All those stats that say small practitioners make so little money, not only do they not distinguish practice areas (not all practice areas make the same financially, it's not even close), but they don't account for regional differences or demand for for certain practice areas in a given region. Many lawyers do family law. If you are going to start up a practice that does family law in a market that is over saturated with family law attorneys, you will fail miserably. Who the heck needs another family law attorney? It's simple supply and demand. Legal services are not as rare as they once were. Biglaw firms don't seem to understand this, either. That's a big reason why many law firms of all sizes appear to be struggling a bit or going out of business. There are enough lawyers out there now. It is time for lawyers to become more specialized to increase demand for their services. In addition to this, competition, ladies and gentlemen, has finally come to the practice of law.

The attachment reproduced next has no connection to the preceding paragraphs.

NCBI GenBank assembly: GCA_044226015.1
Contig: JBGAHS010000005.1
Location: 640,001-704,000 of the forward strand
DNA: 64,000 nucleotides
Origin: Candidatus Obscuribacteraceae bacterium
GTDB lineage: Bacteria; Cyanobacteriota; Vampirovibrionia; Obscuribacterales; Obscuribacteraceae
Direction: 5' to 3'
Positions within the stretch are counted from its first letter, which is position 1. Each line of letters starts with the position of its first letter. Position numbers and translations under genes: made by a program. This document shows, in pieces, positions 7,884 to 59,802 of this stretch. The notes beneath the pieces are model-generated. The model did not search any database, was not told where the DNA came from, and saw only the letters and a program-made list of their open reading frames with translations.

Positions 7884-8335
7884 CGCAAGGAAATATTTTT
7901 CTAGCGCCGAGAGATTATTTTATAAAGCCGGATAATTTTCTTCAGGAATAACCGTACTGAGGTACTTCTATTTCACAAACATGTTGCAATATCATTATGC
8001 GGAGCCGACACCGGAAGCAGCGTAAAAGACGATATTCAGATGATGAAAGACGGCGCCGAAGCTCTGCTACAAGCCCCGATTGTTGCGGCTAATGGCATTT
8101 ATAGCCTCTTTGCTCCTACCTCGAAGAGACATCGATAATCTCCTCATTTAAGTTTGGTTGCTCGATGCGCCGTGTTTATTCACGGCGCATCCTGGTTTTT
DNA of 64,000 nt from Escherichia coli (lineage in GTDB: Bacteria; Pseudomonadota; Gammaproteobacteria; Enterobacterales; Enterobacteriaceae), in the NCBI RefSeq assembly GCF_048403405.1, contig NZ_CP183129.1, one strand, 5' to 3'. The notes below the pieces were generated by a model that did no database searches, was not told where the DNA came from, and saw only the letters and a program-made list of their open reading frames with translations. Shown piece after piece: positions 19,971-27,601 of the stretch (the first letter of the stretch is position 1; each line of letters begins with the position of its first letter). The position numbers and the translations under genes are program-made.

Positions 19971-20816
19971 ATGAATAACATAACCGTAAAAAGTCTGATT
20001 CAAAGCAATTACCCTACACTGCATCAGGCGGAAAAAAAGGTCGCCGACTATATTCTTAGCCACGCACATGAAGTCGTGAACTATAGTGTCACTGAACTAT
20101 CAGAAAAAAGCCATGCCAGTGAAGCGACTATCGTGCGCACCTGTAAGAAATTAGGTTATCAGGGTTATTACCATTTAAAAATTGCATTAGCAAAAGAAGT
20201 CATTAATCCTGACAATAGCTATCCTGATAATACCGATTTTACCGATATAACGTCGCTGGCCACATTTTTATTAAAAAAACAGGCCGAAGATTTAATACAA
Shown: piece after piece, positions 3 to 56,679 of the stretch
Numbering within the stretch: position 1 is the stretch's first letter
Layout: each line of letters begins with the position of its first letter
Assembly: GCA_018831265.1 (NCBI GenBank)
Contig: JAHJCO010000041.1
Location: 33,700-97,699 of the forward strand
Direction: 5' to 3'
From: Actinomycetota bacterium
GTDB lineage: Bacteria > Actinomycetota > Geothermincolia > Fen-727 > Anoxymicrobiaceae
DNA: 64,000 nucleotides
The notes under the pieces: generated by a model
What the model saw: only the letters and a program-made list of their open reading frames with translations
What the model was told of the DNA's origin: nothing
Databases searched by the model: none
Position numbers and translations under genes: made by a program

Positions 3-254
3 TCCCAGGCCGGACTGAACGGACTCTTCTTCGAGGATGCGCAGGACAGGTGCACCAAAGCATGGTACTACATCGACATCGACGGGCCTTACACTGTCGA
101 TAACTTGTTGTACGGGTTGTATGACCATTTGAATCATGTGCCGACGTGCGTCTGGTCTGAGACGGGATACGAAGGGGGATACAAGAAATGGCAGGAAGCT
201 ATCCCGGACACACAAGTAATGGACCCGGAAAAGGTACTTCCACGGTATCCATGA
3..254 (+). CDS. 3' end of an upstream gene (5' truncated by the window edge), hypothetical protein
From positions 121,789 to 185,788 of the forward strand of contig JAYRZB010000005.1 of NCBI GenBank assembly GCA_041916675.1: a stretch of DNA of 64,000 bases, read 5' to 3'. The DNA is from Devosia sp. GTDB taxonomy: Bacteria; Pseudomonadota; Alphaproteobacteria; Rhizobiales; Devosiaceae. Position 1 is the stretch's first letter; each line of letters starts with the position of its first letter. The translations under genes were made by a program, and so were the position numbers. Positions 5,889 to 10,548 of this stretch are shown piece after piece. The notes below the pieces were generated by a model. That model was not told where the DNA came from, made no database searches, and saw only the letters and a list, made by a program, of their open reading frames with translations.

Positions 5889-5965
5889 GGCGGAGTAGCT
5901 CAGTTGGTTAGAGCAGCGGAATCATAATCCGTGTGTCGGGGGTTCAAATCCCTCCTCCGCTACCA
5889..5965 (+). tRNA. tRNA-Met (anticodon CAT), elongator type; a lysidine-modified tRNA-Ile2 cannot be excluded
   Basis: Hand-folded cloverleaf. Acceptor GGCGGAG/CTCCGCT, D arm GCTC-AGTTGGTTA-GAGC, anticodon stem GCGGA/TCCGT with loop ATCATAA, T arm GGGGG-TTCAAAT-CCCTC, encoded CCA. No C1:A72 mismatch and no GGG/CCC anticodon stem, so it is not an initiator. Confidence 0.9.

When I went to law school, I did not want the courtroom. At that time, I was on the fence whether I wanted biglaw or not. I interviewed with some biglaw and midlaw firms. I just didn't like the vibe I got from all those interviews. I didn't like the interviewers or the culture at any of these firms. I'm not a "toe the line" kind of guy.

At some point late during 2L year, I had about 5 or 6 classmates independently tell me I that they thought I would be a great trial lawyer. I was always pretty vocal in class and my presentation was always really great. I remember that my fed civ pro professor called on me for the entire class, he usually just had you go for 15 minutes, because I was doing such a good job explaining the material in class. I also had a mentor who was a partner at one of the largest Texas based firms. She was a trial and appellate lawyer. She also said that she thought I should try trial law. After she told me that, I thought that this must be a sign that I should, at least try trial law again and more seriously. I had participated in an in school mock trial competition earlier that year before anyone had said those things to me. I thought I had learned stuff. I was still on the fence of whether I wanted to do it.